|Written by Paul D. Race for Family Garden Trains(tm)|
Glazing Windows with Lucite®Glazing is the construction term for the part of the window you can see through, usually glass. I've tried several kinds of glazing for model buildings, and I feel that "acrylic glass" products like Lucite work best for me in most projects. This article is meant to be a supplement to my other articles on painting and building model buildings, including the article titled Painting Plastic Structures. Most of what's on this page is already familiar to most hobbyists, and most homeowners, for that matter. But I figured I'd provide a step-by-step report on a recent project in case my methods, or even my mistakes, might give someone who has never scored and snapped a piece of acrylic glass courage to try.
Why Glazing Helps Buildings
Having your buildings' windows glazed can be helpful several ways:
What Are My Options?
Several different kinds of glazing are used in garden railroad buildings and kits:
The first several structures I built for my garden railroad didn't have any glazing at all. Fortunately, I had some scraps of 1/8" Lucite available from a window repair project. I tried using that, and was so happy with the results, I've used the same material in several other buildings, even when some form of glazing was supplied.
I understand that Lucite® is an acrylic and is very similar chemically to Plexiglas®, though they are different brands. So most of what I say about Lucite is also true of Plexiglass or any other "acrylic glass" product used in storm doors or other places where clarity and strength must go together. I am using the term Lucite throughout because most of the 1/8" replacement acrylic glass panels sold in our part of Ohio are Lucite® brand.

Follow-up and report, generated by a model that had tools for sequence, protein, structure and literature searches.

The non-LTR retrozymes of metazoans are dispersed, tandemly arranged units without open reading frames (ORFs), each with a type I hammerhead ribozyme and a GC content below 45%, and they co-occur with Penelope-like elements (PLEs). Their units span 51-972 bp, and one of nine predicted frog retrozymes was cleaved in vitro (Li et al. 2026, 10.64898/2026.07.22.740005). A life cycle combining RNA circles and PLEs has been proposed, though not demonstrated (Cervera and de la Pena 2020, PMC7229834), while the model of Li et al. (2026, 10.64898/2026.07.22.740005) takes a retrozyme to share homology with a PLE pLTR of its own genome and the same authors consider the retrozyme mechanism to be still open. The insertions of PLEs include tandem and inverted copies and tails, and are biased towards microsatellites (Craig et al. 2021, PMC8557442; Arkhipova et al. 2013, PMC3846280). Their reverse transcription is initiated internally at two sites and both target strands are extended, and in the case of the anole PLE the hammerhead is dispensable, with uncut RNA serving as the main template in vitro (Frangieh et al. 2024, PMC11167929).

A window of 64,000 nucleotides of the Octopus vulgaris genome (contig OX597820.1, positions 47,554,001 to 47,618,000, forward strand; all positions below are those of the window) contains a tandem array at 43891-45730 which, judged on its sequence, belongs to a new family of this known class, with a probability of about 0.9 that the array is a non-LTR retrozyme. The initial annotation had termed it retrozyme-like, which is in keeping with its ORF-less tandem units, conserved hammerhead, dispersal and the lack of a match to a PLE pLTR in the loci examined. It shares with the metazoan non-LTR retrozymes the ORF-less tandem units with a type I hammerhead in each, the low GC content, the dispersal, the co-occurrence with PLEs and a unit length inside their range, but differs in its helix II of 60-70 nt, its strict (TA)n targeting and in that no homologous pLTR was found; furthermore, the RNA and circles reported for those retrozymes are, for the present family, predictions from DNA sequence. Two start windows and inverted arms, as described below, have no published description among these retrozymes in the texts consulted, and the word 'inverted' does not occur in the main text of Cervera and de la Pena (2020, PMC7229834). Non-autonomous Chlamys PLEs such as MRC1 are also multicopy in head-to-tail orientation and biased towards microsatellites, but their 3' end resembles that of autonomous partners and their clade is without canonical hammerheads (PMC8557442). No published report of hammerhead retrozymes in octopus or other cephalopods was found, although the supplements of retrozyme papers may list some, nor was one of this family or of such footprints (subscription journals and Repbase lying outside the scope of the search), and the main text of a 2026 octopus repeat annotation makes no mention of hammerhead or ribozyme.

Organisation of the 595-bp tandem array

I have worked with thicker pieces of Lucite and Plexiglass both, but that would be overkill for this application, and besides, once you get over 1/8" it gets a lot more complicated to cut. (I use a saw with a special blade for anything over 1/4".)
Getting Lucite® PanelsLucite® comes in sheets big enough for a picture window, but that size is very hard to work with. You want little pieces. Sometimes your local hardware store will give you the scraps from a bigger project if you explain you want them for a craft project (don't try to explain garden railroading to them or they'll just look at you funny and turn you down anyway). I've also gotten scraps from a broken storm door and other sources. Unless you're using the Lucite for structural purposes (which some folks do), a bunch of scraps will do just as well as (or better than) a single big piece.
When you get a new Lucite panel, it will have protective plastic coating on both sides. Leave that on until you're done cutting the material - it will help protect it from getting scratched up while you're working with it.
You Will NeedYou probably keep the following stuff around, but just in case you don't, you should have: